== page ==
These rules may sound simple, but I invite you to check how many of them you truly keep. I strongly suggest you to read these rules and then, when having your next meal, try to notice how many of these rules you really keep and to what degree. You may be surprised!

The first rule could be “Determine Whether You’re Really Hungry”, but since we already discussed it in the previous pages, I will skip it.

Rule no. 1: Sit when you eat! This is especially important to those of us who tend to eat when they are standing up, and even worse, running around, talking, and working. Treat your eating time as sacred: sit in comfort, be present with your meal, concentrate on it and fully enjoy it!

And by the way, did I mention that you better put away your device? Also, it's better not to do anything else while you are eating, except one thing: eat with family or friends and allow yourself to talk and laugh with them between the bites.

Rule no. 2: Bless your food. That doesn't mean you have to be a religious person who pray to God or saying any kind of religious blessing! Just take a moment right before your first bite to look at your food and appreciate its smell, colors, beauty, and nutritional value. Be grateful in your heart for the wonderful food that you are having and bless it. You may bless God, the universe, the light, the divine – however you name it, showing this little appreciation for having this great food in front of you will already make a positive change. Use this blessing moment to relax your body, especially your belly muscles, which some of us tend to hold tight often.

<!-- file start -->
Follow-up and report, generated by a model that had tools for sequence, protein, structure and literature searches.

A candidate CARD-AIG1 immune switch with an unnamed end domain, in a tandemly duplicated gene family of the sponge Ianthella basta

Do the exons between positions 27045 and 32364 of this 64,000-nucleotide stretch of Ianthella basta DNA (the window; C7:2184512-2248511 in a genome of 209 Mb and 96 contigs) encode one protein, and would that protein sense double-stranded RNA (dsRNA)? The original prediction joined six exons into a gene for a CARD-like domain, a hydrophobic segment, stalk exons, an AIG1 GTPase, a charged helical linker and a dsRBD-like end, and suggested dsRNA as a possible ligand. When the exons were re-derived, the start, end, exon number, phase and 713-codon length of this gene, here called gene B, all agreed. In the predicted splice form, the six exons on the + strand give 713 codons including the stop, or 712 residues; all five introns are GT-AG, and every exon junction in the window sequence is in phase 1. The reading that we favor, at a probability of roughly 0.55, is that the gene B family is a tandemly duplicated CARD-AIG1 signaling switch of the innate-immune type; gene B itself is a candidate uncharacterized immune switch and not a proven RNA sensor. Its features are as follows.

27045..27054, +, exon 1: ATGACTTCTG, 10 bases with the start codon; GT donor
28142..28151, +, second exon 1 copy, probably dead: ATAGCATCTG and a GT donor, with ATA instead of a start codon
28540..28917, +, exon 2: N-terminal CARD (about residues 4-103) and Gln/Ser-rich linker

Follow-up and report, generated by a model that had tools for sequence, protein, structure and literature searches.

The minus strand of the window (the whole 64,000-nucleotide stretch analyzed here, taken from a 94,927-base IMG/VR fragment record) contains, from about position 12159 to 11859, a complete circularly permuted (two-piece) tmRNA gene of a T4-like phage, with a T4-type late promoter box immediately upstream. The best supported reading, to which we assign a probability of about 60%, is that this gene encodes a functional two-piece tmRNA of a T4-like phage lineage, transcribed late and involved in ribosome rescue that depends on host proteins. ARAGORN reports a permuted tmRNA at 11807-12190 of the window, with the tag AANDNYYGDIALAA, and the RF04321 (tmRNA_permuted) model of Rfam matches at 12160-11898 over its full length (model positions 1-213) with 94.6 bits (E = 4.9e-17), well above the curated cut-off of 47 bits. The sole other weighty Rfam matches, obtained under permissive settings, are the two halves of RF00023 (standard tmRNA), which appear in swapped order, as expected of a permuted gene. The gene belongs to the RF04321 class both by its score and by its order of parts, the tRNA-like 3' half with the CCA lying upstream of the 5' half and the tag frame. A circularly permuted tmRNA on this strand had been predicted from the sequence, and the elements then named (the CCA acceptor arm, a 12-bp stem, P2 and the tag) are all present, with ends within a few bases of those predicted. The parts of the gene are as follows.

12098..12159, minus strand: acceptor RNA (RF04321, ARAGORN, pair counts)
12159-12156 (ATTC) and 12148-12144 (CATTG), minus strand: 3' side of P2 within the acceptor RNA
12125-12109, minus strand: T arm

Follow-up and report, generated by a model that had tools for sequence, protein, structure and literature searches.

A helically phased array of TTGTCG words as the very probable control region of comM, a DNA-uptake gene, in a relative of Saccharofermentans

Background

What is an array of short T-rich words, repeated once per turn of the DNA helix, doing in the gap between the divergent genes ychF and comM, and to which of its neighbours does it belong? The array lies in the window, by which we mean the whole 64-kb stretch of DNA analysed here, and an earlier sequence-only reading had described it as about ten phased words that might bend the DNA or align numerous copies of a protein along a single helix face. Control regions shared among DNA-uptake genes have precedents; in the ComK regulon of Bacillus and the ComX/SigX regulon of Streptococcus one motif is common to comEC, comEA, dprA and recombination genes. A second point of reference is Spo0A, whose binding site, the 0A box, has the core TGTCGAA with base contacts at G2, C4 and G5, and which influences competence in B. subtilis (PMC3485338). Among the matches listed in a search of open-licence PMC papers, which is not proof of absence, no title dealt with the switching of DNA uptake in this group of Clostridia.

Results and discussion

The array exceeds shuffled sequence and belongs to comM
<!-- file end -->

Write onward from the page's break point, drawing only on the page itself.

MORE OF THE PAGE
Rule no. 3: Chew your food well. We tend to eat fast, without thinking and without taking the time to truly enjoy each and every bite. So go ahead and chew more! I don't recommend counting how many times you chew each bite or using a chewing timer, as I feel that those actions may take away the pleasure of the whole eating experience. However, I do suggest chewing well, until you feel that the food is ready to go down your digestive tract. Simply be aware of it.

One more thing: it is recommended to use smaller forks or spoons while eating in order to make sure that you eat less with every bite, so you get to chew your food better and feel satisfied with less food.

 

Rule no. 4: Lay your fork or spoon on the table between bites. So, instead of waiting with a full-of-food fork to get into your mouth, why don't you lay the fork on the table while taking the time to chew your food well, breath and relax?

This rule is not easy to follow but it is so beneficial! It will allow you to get full faster and after eating less food that what you would have eat if you would to eat faster!

 

Rule no. 5: Love your food. Do not eat food that you dislike just because it is “healthy”, or because it may contain specific nutrients that you need. Or because this is what everyone else are eating. Eat only foods that give you pleasure; otherwise, it is pointless.

This does not mean that I recommend foods that may cause you trouble! You better eat only foods that are truly healthy for you, but only those of them that makes you happy.